Thomas Crow

  • Jeff Koons, Aqui Bacardi, 1986, oil inks on canvas, 45 x 60".

    Jeff Koons

    NO MUSEUM BUILDING, in spite of many recent efforts by ambitious architects, matches in iconic status Marcel Breuer’s sculptural Whitney Museum of American Art on Madison Avenue. For its final summer before moving to much-expanded quarters downtown, the museum will both honor its long tenure in a remarkable home and showcase one of those rare artists whose body of work is up to the job of filling the entire structure. The exhibition “Jeff Koons: A Retrospective”—organized by Whitney curator and unrivaled Koons scholar Scott Rothkopf—will do just that.

    Koons has arguably succeeded in

  • View of “When Attitudes Become Form: Bern 1969/Venice 2013,” 2013, Fondazione Prada, Ca’ Corner della Regina, Venice. Foreground, from left: Gary B. Kuehn, Untitled, 1968; Gary B. Kuehn, Untitled (Wedge Piece), 1968; Walter De Maria, Art by Telephone, 1967; Alan Saret, Zinc Fire, 1968; Aldo Walker, Kleines Kreuz no.128 (Small Cross no.128), 1969; Reiner Ruthenbeck, Aschenhaufen III (Ash Heap III), 1968; Richard Tuttle, Canvas Dark Blue, 1967. Background, from left: Bill Bollinger, Pipe Piece, 1968; Eva Hesse, Augment, 1968; Reiner Ruthenbeck, Möbel I (Furniture I), 1968. Photo: Kate Lacey. © Artists Rights Society (ARS), New York.

    Thomas Crow

    THE 2013 VENICE BIENNALE set the scene for two capital lessons in the history of art. In order of historical time, the first took place at the Palazzo Ducale, amid the usual hordes visiting the chambers of state, in an exhibition devoted to Édouard Manet. The show itself (“Manet: Return to Venice”) may have been no landmark, but it made real the most often repeated slide comparison in the teaching of art history: Side by side, in unprecedented juxtaposition, were Manet’s Olympia from the Musée d’Orsay in Paris and Titian’s Venus of Urbino from the Uffizi in Florence.

    This was a meeting that the

  • Lynne Harlow, BEAT, 2007, acrylic paint, drum kit, live performance with musicians. Installation view. Photo: Julio Grinblatt.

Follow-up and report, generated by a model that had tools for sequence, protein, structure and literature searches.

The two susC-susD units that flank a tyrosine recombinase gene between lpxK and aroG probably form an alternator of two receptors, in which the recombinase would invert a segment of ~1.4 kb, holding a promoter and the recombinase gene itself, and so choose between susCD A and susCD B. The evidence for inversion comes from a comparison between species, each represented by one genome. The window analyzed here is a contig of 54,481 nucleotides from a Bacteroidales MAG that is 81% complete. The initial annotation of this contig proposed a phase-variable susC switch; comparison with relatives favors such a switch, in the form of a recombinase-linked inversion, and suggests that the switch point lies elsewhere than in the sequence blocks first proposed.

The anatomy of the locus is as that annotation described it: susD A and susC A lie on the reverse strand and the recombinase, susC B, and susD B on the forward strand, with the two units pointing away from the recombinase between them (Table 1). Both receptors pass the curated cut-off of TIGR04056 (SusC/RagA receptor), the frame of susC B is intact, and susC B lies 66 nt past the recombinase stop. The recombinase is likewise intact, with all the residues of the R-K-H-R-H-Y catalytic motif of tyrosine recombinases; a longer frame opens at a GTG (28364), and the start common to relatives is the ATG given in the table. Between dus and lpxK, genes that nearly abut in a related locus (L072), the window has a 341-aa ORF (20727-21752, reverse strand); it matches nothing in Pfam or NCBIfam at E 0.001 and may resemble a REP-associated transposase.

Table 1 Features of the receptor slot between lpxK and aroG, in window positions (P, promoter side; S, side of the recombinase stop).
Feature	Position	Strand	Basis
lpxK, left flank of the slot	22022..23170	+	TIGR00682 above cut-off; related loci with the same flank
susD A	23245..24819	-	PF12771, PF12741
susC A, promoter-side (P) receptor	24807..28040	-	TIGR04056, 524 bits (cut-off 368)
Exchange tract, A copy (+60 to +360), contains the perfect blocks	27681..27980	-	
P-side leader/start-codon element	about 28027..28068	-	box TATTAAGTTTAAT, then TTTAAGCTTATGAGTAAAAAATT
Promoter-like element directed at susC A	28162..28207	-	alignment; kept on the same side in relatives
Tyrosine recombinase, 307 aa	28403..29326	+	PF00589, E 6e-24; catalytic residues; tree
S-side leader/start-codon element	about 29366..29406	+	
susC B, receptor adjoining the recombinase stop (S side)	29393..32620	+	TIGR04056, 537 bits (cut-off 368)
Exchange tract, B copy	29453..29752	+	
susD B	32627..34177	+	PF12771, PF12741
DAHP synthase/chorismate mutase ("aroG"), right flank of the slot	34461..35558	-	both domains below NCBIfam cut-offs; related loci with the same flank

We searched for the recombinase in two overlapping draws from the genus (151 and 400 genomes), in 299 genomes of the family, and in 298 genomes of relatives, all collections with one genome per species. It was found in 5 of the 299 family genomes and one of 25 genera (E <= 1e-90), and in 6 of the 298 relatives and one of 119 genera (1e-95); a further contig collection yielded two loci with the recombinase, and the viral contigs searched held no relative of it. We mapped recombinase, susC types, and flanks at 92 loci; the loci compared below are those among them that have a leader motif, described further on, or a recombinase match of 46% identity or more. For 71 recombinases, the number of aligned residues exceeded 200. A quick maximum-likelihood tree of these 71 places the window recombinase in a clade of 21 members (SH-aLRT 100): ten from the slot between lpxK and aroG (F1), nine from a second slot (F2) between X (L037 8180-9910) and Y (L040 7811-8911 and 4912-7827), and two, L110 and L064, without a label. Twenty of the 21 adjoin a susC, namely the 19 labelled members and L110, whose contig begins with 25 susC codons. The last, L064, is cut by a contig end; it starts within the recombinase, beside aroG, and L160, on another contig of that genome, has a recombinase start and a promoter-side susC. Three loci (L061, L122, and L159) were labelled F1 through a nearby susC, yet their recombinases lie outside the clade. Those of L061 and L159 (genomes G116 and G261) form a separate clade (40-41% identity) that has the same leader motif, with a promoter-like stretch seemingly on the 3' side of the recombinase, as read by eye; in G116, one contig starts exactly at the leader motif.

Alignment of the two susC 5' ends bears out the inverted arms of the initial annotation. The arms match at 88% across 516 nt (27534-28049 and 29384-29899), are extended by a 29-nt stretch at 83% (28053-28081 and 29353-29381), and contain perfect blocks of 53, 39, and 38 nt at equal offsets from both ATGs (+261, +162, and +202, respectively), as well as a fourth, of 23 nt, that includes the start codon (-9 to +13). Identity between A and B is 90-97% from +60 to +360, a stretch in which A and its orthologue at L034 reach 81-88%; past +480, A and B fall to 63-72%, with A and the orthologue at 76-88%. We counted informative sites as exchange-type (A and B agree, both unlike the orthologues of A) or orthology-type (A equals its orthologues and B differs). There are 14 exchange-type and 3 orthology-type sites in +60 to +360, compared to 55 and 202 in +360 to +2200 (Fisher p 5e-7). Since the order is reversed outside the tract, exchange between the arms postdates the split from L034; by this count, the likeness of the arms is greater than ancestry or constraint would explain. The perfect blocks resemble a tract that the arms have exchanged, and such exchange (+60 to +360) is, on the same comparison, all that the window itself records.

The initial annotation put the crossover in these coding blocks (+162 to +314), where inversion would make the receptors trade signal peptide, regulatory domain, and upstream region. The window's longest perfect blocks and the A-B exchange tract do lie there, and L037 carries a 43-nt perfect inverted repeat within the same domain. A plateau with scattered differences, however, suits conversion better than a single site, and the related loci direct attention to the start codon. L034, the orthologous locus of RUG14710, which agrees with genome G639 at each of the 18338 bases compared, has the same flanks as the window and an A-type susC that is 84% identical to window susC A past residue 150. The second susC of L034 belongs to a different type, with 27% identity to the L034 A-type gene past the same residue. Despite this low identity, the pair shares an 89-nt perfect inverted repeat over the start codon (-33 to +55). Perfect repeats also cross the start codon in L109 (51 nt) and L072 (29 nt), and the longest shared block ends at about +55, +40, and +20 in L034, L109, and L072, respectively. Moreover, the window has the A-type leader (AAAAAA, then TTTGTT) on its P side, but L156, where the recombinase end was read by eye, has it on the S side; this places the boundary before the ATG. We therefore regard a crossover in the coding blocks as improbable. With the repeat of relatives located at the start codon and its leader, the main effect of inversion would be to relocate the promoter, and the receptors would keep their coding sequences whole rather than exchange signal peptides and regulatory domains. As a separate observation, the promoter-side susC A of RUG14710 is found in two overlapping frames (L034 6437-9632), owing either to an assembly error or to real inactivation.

Thomas Crow

    THIS PAST WINTER, the Hunter College art program mounted “Notations: The Cage Effect Today” in its Times Square Gallery on far-west Forty-First Street. For an exhibition in honor of a composer who chose Silence as the title of his collected writings, the cacophony of traffic rumbling and screeching in the lee of the Port Authority Bus Terminal seemed both contradictory and entirely apposite. The visitor, rattled by the abrasive sonic events on the exterior, gladly surrendered to the relative peace of the gallery’s grotto-like spaces, into which the racket outside entered as the sort of randomized

  • Michael Heizer, Double Negative, 1969. Virgin River Mesa, NV. From Philip Leider’s “How I Spent My Summer Vacation,” Artforum 9, no. 1 (September 1970).
 Click here for Philip Leider, “How I Spent My Summer Vacation,” September 1970

    Thomas Crow on Philip Leider’s “How I Spent My Summer Vacation”

    A SNAPSHOT taken of Artforum in 1965 would have yielded a split and contradictory image. In the recollection of New Yorker Mel Bochner, the upstart Los Angeles publication had undergone a palpable shift in tone over its short period of existence: “They were no longer, by that point, about younger California artists,” he recalls thinking. “It was more about the ‘scene.’ I remember one feature, Dennis Hopper photographs, of Jasper Johns, Henry Geldzahler and Andy Warhol. They were almost like fashion magazine photos.”¹ While the style of the piece and the identity of the photographer may have said